By GOSIA WOZNIACKA
FRESNO, Calif. —
As a massive wildfire burning into Yosemite National Park grew to nearly 200 square miles, Gov. Jerry Brown declared a state of emergency for the city of San Francisco 150 miles away because of the threat to the city’s utilities.
The governor had already declared an emergency for the area around the fire but Friday night extended it to San Francisco, saying the blaze posed a threat to the city’s power lines and stations in the fire area.
The city gets 85 percent of its water from the Yosemite-area Hetch Hetchy reservoir and, that has yet to be affected.
But San Francisco has been forced to shut down two of its three hydroelectric power stations in the area, and further disruptions or damage could have an effect on the power supply.
Smoke blowing across the Sierra into the state of Nevada forced officials in several counties to cancel outdoor school activities and issue health advisories, especially for people with respiratory problems.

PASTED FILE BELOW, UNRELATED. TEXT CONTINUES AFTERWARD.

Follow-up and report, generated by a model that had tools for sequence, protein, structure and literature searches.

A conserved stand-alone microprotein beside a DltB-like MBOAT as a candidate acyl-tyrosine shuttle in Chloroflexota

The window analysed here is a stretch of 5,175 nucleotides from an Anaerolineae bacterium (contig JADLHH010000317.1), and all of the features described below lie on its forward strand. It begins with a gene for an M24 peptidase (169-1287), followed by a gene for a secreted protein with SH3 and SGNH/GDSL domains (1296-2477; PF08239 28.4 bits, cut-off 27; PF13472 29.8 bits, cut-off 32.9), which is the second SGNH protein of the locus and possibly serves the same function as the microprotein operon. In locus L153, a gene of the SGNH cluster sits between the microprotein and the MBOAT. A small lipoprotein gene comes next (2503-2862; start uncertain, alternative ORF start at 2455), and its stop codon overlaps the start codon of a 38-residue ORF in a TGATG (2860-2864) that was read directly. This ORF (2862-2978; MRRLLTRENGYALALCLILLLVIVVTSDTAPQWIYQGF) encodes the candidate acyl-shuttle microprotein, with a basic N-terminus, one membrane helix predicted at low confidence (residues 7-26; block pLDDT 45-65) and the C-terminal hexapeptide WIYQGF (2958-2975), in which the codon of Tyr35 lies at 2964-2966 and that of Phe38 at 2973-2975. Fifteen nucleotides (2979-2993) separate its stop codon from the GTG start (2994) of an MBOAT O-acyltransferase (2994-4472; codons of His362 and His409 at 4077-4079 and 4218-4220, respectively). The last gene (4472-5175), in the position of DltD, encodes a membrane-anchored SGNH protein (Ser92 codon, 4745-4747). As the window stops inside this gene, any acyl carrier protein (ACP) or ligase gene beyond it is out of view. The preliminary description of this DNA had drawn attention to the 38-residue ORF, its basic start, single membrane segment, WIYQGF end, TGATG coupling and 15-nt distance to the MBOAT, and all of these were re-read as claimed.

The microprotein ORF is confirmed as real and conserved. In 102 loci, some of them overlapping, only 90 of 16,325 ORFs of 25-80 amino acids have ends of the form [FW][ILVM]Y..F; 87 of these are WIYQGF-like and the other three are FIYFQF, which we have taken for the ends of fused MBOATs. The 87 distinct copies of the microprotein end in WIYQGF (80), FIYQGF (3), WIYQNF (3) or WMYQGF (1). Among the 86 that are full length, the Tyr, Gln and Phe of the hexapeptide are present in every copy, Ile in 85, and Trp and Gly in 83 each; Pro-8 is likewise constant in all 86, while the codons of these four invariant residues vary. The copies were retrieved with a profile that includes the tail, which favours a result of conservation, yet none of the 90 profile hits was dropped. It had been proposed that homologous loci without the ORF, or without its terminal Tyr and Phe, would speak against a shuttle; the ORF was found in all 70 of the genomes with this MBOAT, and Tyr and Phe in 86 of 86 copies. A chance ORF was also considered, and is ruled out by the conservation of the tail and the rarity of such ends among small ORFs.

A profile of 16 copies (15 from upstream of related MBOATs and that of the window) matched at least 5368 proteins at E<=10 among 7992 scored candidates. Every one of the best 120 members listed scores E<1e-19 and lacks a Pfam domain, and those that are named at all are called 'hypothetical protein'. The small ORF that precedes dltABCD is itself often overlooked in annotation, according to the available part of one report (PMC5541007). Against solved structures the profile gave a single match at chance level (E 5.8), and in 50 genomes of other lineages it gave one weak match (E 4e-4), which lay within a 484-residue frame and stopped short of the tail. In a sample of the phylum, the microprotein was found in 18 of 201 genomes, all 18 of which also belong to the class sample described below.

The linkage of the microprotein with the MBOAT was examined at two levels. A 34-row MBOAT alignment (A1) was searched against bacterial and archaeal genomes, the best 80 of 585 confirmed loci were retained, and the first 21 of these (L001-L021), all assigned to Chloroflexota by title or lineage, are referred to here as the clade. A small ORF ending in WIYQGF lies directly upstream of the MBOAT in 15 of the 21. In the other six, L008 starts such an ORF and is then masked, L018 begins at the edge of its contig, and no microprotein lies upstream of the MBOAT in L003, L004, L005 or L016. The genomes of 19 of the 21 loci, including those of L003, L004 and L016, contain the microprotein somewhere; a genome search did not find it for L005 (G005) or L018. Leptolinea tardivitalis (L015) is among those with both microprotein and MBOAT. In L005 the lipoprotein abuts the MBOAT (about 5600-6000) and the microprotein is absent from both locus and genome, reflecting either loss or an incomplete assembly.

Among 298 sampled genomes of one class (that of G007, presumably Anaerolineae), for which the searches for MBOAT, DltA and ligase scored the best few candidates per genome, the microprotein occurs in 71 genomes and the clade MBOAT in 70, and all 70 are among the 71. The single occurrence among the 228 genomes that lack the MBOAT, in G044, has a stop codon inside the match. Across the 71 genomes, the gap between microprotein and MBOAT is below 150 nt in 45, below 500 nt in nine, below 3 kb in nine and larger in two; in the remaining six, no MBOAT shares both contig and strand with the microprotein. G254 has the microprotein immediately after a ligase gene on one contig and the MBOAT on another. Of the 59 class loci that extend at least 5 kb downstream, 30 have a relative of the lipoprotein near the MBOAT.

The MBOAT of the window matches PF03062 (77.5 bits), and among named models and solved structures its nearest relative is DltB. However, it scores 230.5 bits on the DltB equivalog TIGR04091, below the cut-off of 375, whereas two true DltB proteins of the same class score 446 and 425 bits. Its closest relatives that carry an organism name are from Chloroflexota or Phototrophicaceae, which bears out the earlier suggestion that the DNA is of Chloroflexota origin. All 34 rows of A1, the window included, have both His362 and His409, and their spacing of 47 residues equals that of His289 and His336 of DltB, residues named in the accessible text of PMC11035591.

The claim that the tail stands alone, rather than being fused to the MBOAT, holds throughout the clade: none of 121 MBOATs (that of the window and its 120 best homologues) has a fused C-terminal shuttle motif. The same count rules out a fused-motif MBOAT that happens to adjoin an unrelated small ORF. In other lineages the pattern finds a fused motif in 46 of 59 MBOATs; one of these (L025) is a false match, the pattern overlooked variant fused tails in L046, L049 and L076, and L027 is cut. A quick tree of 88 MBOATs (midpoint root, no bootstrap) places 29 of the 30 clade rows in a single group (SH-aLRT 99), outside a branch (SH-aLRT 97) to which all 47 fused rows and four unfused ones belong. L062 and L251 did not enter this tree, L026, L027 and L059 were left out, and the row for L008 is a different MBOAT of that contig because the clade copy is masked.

Authorities urged more evacuations in nearby communities where thousands have already been forced out by flames.
The fire was threatening about 4,500 residences, according to the U.S. Forest Service. Already, the blaze has destroyed four homes and 12 outbuildings in several different areas. More than 2,000 firefighters were on the lines and one sustained a heat-related injury.
A mandatory evacuation order remained in effect for part of Pine Mountain Lake, a summer gated community a few miles from the fire.
“It feels a little bit like a war zone, with helicopters flying overhead, bombers dropping retardant and 10 engine companies stationed on our street,” said Ken Codeglia, a retired Pine Mountain Lake resident who decided to stay to protect his house with his own hoses and fire retardant system. “But if the fire gets very hot and firefighters evacuate, I will run with them.”